Skip to main content

New Yorker Fiction Review #142: "The Burglar" by Sarah Shun-Lien Bynum

Issue: April 11, 2016

Story: "The Burglar" by Sarah Shun-Lien Bynum

Rating: $

Review: I'll give this story points for form; it is told in rotating, close-third person perspective, alternating between three different points of view, with every new paragraph. It's a good (a damn good) trick to keep modern-day readers like me, with short attention spans, closely engaged in the story. And it worked, even though the story itself is less than compelling.

Not going to get too involved in a plot summary. It's about a burglar, a T.V. show writer, and the T.V. show writer's wife, and how the wife gets caught-up in the plot of the T.V. show the writer is working on (meta enough for you you?? Zzzzz...). Or perhaps the whole thing is part of the T.V. show? I don't know and I don't really want to take the time to dig further.

If the whole point here was to create a fun piece of meta-fiction...then Bynum almost did that, but not quite. I was engaged by the story-telling technique, but the story itself didn't quite get off the ground in my opinion. There wasn't enough at stake. The characters weren't interesting enough. And seemed chosen at random. Or something. If I really thought about it I'm sure there are carefully drawn racial, social, and gender implications laced throughout the whole mess, but I'd rather not think about it too much. This particular story isn't worth it.

Single "$" because I was really drawn in by the technique. I think if the material were a little better, or the stakes greater, or the resolution stronger, I might have liked it more.


Popular posts from this blog

New Yorker Fiction Review: "The Apologizer" by Milan Kundera

Issue: May 4, 2015

Rating: $$

Review: It took me five years and three separate attempts to finish Milan Kundera's famous novel, The Unbearable Lightness of Being, but in spite of that, quotes and insights from that book still rattle round my head on a weekly basis. What I mean to say is: my feelings on Kundera are very similar to my feelings on Haruki Murakami. I enjoy reading his work, but in small doses, like this short story.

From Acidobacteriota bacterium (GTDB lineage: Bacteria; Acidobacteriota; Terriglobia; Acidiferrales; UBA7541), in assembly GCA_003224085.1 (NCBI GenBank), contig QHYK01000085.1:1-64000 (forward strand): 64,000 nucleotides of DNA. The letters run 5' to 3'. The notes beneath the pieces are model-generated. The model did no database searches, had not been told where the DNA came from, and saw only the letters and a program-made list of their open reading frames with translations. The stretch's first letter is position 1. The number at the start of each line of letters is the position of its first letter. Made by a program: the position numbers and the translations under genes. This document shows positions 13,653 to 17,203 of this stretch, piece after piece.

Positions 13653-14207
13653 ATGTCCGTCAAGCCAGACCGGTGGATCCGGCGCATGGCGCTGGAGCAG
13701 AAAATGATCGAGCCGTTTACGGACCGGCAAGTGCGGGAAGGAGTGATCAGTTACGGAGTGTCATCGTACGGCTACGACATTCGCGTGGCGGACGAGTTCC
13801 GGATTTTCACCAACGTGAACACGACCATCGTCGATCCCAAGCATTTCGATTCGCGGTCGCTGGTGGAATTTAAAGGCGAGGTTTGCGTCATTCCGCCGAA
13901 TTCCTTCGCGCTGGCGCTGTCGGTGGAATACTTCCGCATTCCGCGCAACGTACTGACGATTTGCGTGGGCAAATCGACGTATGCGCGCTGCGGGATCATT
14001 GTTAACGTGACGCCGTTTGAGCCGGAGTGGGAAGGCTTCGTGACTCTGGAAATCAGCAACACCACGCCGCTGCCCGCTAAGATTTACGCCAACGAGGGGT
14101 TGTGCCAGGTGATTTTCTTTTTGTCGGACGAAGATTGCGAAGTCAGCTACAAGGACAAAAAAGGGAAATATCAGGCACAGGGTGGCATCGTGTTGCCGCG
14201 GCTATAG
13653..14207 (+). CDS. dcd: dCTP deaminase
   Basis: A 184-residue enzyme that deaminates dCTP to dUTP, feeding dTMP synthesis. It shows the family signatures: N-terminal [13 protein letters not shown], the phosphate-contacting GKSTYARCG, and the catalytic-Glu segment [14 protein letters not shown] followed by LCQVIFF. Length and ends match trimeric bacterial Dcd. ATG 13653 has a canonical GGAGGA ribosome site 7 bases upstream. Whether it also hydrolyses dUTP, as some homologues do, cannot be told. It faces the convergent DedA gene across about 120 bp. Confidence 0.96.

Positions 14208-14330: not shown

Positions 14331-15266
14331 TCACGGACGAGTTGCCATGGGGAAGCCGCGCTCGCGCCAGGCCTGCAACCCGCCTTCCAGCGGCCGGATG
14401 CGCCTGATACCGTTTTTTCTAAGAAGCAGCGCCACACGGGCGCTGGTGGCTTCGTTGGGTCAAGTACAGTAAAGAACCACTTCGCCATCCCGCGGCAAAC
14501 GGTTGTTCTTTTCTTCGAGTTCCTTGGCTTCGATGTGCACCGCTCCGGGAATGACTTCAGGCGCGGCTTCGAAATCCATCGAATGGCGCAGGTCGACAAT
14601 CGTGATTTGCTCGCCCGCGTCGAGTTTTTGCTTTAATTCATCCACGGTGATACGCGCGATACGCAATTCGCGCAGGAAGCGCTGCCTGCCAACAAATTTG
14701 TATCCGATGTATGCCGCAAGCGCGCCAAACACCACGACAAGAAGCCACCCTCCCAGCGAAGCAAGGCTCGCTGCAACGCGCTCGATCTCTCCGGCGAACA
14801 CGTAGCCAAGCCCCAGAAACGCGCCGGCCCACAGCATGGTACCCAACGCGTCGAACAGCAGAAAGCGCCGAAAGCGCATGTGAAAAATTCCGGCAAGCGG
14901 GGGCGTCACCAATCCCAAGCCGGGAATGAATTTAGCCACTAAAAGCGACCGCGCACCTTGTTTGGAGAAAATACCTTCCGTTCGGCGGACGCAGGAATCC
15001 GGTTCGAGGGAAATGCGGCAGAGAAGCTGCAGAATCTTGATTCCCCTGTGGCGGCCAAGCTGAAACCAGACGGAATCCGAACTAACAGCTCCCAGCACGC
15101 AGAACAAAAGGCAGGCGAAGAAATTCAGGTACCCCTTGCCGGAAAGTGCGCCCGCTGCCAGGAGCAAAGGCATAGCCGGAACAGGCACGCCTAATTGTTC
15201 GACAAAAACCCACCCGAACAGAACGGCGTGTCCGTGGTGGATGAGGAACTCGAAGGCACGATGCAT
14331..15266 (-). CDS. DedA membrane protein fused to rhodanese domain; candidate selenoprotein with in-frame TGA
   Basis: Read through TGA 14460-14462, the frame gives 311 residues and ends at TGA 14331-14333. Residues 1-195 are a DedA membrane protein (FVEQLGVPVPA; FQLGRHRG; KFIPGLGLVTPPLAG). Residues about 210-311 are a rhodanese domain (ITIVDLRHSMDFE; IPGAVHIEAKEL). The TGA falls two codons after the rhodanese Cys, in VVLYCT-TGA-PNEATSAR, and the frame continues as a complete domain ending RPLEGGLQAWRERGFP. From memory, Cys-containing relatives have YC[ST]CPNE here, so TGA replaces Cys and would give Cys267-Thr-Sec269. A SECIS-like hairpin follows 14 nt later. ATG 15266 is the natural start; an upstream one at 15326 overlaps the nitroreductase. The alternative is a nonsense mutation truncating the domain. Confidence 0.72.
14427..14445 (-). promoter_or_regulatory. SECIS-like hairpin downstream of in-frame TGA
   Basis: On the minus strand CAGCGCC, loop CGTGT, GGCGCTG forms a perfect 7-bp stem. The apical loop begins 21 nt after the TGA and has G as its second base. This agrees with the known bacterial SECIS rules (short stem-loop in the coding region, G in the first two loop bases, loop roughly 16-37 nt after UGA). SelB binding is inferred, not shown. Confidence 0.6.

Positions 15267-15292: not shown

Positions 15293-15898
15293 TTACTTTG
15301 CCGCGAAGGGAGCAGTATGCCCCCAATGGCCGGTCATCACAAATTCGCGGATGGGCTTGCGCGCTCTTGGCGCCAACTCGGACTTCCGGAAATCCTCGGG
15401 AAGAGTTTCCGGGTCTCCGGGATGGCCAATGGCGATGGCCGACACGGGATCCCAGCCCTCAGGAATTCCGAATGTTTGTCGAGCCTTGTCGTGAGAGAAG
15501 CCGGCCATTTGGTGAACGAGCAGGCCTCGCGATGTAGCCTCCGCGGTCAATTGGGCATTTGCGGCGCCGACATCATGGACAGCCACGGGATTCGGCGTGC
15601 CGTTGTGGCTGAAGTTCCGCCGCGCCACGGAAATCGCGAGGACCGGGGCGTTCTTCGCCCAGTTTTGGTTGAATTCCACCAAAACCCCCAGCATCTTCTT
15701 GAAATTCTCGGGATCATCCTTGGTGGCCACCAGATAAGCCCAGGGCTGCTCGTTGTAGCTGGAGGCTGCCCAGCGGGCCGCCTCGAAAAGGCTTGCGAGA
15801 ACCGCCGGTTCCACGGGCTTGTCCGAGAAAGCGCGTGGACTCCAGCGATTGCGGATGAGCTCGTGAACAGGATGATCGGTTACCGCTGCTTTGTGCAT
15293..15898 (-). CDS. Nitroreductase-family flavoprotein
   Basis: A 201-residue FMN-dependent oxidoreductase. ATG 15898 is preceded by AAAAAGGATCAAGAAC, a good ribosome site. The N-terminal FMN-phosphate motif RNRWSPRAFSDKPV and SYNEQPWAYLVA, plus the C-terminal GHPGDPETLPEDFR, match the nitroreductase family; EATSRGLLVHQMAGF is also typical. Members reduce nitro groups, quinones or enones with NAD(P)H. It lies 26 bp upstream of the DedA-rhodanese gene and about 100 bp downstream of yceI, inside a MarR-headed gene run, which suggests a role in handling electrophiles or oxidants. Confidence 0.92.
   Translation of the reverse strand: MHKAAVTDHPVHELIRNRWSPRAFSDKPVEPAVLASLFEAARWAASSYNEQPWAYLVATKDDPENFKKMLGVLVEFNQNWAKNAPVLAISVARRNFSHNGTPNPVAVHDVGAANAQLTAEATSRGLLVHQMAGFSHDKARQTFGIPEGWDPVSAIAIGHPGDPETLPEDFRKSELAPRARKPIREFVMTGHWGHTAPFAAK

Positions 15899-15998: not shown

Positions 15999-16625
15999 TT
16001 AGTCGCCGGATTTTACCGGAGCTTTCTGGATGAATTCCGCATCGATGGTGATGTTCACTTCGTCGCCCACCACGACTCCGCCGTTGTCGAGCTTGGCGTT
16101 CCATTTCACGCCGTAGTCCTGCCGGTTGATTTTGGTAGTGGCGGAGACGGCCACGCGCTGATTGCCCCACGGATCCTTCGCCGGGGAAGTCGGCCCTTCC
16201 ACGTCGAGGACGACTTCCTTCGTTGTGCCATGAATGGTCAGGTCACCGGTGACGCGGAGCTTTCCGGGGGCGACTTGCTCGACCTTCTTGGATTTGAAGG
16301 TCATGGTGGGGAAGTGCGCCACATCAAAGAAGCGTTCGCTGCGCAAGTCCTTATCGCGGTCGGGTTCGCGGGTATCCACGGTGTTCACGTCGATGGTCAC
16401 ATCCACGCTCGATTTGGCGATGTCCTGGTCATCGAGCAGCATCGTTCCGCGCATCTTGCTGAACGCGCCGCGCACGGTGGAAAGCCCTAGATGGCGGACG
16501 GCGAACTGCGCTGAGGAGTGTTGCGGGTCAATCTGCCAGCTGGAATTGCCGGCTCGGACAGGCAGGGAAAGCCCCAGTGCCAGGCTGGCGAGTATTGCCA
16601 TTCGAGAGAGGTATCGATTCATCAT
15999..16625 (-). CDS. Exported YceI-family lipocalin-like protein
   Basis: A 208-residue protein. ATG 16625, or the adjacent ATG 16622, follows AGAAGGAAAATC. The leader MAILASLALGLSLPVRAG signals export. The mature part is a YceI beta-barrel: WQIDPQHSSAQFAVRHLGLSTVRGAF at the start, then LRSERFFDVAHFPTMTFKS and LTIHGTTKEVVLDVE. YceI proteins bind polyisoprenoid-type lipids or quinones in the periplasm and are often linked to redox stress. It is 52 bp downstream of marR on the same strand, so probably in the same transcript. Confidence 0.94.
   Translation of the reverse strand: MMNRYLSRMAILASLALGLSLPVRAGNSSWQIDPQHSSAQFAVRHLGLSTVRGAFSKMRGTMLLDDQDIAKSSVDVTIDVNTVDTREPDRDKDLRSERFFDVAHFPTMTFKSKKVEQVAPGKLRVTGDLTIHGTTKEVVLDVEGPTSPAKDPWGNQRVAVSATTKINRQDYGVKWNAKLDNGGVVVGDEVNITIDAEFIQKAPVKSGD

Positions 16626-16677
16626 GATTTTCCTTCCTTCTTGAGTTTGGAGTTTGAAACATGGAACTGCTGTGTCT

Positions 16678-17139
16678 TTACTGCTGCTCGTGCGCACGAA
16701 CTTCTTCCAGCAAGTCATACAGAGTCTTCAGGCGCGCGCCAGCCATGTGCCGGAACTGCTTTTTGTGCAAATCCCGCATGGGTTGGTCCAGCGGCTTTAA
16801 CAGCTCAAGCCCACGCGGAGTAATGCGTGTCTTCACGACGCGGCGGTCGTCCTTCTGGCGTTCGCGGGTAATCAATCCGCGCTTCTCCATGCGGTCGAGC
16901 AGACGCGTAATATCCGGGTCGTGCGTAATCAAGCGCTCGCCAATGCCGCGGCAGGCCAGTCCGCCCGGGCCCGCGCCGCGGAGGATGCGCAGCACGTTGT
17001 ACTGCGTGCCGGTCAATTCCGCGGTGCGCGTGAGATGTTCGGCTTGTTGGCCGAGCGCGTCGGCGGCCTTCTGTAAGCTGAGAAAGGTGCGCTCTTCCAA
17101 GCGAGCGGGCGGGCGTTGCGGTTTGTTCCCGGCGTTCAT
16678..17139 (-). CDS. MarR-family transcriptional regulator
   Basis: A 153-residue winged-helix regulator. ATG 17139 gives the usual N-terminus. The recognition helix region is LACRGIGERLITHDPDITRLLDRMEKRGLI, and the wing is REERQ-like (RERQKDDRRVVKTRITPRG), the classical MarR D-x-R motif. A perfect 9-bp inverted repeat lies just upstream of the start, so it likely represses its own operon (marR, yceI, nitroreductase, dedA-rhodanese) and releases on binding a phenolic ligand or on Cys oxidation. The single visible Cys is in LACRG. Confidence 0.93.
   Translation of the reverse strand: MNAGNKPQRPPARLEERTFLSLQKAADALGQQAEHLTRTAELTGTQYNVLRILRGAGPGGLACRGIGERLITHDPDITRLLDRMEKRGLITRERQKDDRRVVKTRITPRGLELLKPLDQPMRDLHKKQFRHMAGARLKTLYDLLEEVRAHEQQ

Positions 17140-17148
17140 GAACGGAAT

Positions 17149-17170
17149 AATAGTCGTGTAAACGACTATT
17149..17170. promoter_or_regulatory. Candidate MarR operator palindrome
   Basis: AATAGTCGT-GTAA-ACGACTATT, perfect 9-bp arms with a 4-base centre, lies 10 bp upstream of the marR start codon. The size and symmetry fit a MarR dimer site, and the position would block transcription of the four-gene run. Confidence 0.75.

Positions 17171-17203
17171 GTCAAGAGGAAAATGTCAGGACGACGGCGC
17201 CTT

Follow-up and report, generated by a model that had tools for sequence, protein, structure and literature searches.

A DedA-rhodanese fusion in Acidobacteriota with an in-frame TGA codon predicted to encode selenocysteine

Like Murakami, Kundera uses elements of magical realism, but where in a Murakami story you might encounter a flying dolphin or a disappearing hotel or a person who has lived his whole life in the same room, refusing to leave, Kundera's magical realism offers more direct insights and perspective on real life.

In Kundera's worlds, time and space are malleable and everything that ever happened in history is happening at the same time, and the narrator is a completely omniscient, caring, witty, and hands-on god-like being.

And so it is with "The Apo…

New Yorker Fiction Reviews: "Meet the President!" by Zadie Smith

Each week I review the short fiction from a recent issue of The New Yorker. If you told me when I was 12 that I'd be doing this I'd have been like, "Dork. There's no such thing as blogs," and I'd have been right...

Issue: Aug. 12 & 19, 2013

Story: "Meet the President!"

Author:Zadie Smith

(Please note: I've developed a highly sophisticated grading system, which I'll be using from now on.  Each story will now receive a Final Grade of either READ IT or DON'T READ it. See the bottom of the review for this story's grade...after you've read the review, natch.)

Plot: Set in England, far into the future (lets say 2113) a privileged youth of 15, named Bill Peek, encounters a few poor villagers from a small, abandoned coastal town on the southeast shore. He meets a little girl named Aggie, who is going to her sister's funeral. Peek is cut-off from real life by a sophisticated video game system that is implanted in his head, therefore th…

A Piece of Advice I Learned From My Grandfather

My grandfather was one of the most learned men I know. He read widely and voraciously, and not just in the sciences (he was a doctor); he loved politics, philosophy, and great literature as well. Whenever he finished a book he would write his thoughts about the book in the front cover and then sign and date it. To this day every once in a while I will open a book from my bookshelf or my mother's bookshelf, or at one of my family members' homes, and there will be my grandfather's handwriting. He was also a great giver of his books; if you remarked that you liked a particular one or wanted to read it, you were almost sure to take it home with you.

Reading is a very solitary pursuit but my grandfather was not a solitary person. He relished having family and friends around him which is convenient because he was blessed with a lot of both. And he carried out his intellectual life in a very "public" way as well. He was, in some ways, an intellectual evangelist. If he r…